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Hydropuntia edulis   (S.G. Gmelin) Gurgel & Fredericq

Dichotomously branched gracilaria

Native range | All suitable habitat | Point map | Year 2100
This map was computer-generated and has not yet been reviewed.
Hydropuntia edulis   AquaMaps   Data sources: GBIF OBIS
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Classification Common names | Synonyms | CoL | ITIS | WoRMS

Florideophyceae | Gracilariales | Gracilariaceae

Main reference References | Biblio | Coordinator | Collaborators

Guiry, M.D. and G.M. Guiry. 2009. (Ref. 80701)

Size / Weight / Age

Environment

Sessile

Climate / Range

Tropical

Distribution Countries | FAO areas | Ecosystems | Occurrences | Introductions

Indian Ocean: from Eritrea to Madagascar, including Seychelles and Mauritius, east to India and south to Sri Lanka, including Laccadive Islands; in the Bay of Bengal, from Burma to Indonesia, including Andaman and Nicobar Islands; Pacific Ocean: from China to the South China Sea south to New South Wales, Australia, including the Northern Mariana Islands, Federated States of Micronesia, Solomon Islands and Fiji, east to the Samoan Archipelago.

Short description

Thalli erect, cartilaginous, greenish brown to dark brown, or purple in colour, attached by a small discoid holdfast. Branching basically repeatedly dichotomous and divaricate. Branches terete, 1.5 to 2.2 mm in diameter, tapered and characteristically bifurcate at the terminal portions. Thalli up to 14 cm in height (Ref. 80758). G. edulis often has a turf-forming growth habit, profusely branched but with short internodal distances, forming dense and interlocked mats of short (<50 mm) plants attached to hard substrate (Ref. 82232). At Navulivatu, Serua, Fiji, longer unattached plants were found, that formed balls and relied upon entanglement in seagrasses for attachment and were opaque khaki brown in colour. G. edulis and G. sp. had the thinnest thalli, being about 1.5 mm in diameter (Ref. 82232).

Biology     Glossary (e.g. epibenthic)

Used for human consumption as food and as a source of agar; used as manure for coconuts and coffee bushes in Hainan, India and Sri Lanka (Ref. 80758); also considered as fresh sea-vegetable (Ref. 82232). Forms clumps in sandy-muddy or rocky intertidal areas, in dense tufts when growing on fish cages, and in loose fastigiate tufts on rocks in clear water (Ref. 80758); found in the high subtidal or lower intertidal zones of relatively sheltered rockflats or mudflats and sandbanks; in Nasese (subtidal mudflats on either side of Leveti creek mouth), Suva Harbour, Fiji, isolated clumps of G. eduliswere found beneath the layer of G. maramae plants, and could be distinguished by their tightly-knit mossy or turf-like appearance. Nearer to the shore, smaller amounts of scattered plants attached by holdfasts can almost always be found in sand and rubble areas, G. edulis forms a close-knit turf of small interlocked plants on the raised hard rock surfaces; In Nasese/Nasova (near Ratu sukuna Road junction, Suva Harbour, Fiji, G. edulis were abundant but fairly small. G. maramae and G. edulis can be found growing beside each other in identical environments while displaying major differences in growth habit. G. edulis has a very short, much-branched thallus that is thinner in diameter, and it grows in dense clumps that form a moss-like turf (Ref. 82232); in Kaba Peninsula, Fiji, in between the rocky headlands were intertidal sandy pools, often near mangroves and areas with freshwater runoff, these pools were lined up with a mix of species but dominated by at least two species of Laurencia epiphytized Hypnea plants, G. maramae and G. edulis. There was sufficient G. maramae present to enable collection for phycocolloid analysis, but other species were too small (>50 mm) and dirty to warrant collection. G. edulis were also found in an area of inter-tidal and high subtidal seagrass meadow on the shoreline near Navulivatu Settlement, Serua District, Fiji (Ref. 82232). G. edulis often has a turf-forming growth habit, profusely branched but with short internodal distances, forming dense and interlocked mats of short (<50 mm) plants attached to hard substrate (Ref. 82232). At Navulivatu, Serua, Fiji, longer unattached plants were found, that formed balls and relied upon entanglement in seagrasses for attachment and were opaque khaki brown in colour; thalli about 1.5 mm in diameter (Ref. 82232).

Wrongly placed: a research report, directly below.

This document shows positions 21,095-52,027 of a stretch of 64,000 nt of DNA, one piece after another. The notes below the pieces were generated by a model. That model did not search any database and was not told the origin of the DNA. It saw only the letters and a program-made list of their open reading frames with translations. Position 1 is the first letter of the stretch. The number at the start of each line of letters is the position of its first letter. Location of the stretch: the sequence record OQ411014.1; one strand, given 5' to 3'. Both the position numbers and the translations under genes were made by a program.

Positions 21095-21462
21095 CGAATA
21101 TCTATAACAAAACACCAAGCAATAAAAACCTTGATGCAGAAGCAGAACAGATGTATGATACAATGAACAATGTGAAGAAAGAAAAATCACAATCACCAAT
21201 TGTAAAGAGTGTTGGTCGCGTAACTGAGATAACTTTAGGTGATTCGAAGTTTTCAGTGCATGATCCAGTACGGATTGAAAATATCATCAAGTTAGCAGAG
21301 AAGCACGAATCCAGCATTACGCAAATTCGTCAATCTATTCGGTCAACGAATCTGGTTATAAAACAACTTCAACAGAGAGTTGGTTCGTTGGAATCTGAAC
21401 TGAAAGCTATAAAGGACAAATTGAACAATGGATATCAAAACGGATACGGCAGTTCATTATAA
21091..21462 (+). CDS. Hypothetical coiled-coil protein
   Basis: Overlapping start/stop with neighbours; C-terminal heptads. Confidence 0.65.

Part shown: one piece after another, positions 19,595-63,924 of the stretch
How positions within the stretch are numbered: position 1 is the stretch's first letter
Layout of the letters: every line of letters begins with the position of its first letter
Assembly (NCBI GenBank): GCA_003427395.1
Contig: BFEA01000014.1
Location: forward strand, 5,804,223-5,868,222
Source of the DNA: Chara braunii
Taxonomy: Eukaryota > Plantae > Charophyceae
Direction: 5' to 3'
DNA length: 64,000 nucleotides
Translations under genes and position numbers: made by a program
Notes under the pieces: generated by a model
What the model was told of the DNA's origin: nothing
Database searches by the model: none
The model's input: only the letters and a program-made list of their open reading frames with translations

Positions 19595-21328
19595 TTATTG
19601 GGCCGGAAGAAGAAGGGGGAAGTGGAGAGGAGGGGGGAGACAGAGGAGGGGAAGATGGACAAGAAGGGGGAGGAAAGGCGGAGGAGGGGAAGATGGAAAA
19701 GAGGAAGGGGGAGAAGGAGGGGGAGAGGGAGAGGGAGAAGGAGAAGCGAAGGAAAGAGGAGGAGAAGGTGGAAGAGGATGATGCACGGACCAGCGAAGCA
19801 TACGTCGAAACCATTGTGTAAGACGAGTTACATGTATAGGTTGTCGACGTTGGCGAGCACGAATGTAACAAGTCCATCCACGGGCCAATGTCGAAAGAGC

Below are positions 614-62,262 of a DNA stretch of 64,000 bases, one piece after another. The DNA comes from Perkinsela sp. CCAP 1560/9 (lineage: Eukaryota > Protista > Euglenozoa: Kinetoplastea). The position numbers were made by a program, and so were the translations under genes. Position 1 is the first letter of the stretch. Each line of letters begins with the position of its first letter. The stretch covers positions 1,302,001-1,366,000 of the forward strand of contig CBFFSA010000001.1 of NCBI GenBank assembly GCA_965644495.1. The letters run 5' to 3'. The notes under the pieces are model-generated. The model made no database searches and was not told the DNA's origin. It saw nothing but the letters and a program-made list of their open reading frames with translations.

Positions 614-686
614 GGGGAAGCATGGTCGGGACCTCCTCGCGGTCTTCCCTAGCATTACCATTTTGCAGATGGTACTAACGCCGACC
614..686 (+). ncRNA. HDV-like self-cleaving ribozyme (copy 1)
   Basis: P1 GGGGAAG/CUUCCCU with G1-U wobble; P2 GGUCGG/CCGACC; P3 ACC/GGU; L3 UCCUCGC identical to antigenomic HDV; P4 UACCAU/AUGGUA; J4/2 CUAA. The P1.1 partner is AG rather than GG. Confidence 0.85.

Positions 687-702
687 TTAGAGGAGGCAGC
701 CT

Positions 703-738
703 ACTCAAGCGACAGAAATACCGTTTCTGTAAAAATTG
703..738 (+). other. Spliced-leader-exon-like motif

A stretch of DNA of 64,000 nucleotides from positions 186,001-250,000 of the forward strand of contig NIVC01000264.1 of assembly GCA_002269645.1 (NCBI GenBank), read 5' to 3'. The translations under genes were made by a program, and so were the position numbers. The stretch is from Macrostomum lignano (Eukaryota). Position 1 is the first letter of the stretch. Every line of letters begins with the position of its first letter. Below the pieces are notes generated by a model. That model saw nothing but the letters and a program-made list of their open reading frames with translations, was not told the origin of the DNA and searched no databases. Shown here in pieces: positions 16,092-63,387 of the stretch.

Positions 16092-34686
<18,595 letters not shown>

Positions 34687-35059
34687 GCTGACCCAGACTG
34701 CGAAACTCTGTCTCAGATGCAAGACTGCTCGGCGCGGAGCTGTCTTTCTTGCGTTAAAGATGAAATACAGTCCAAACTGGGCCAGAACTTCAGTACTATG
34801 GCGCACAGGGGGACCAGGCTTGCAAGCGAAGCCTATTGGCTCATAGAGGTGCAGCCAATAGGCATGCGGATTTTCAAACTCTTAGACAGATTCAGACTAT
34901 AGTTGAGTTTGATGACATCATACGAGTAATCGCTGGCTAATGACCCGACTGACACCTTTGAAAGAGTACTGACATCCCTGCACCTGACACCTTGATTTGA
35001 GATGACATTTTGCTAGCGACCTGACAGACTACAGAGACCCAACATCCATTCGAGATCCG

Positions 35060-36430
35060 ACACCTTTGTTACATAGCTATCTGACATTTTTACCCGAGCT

IUCN Red List Status (Ref. 114614)

   

CITES status (Ref. 94142)

Not Evaluated

Threat to humans

  Harmless (Ref. 80758)

Human uses

Fisheries: commercial; aquaculture: likely future use
| FisheriesWiki |

More information

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Ecology
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Reproduction
Maturity
Spawning
Eggs
Egg development
Age/Size
Growth
Length-weight
Length-length
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Larvae
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References
Mass conversion

Internet sources

BHL | BOLD Systems | Check for other websites | Check FishWatcher | CISTI | DiscoverLife | FAO(Publication : search) | GenBank (genome, nucleotide) | GOBASE | Google Books | Google Scholar | Google | ispecies | National databases | PubMed | Scirus | FishBase | AlgaeBase | Tree of Life | uBio | uBio RSS | Wikipedia (Go, Search) | Zoological Record

Estimation of some characteristics with mathematical models

Price category (Ref. 80766)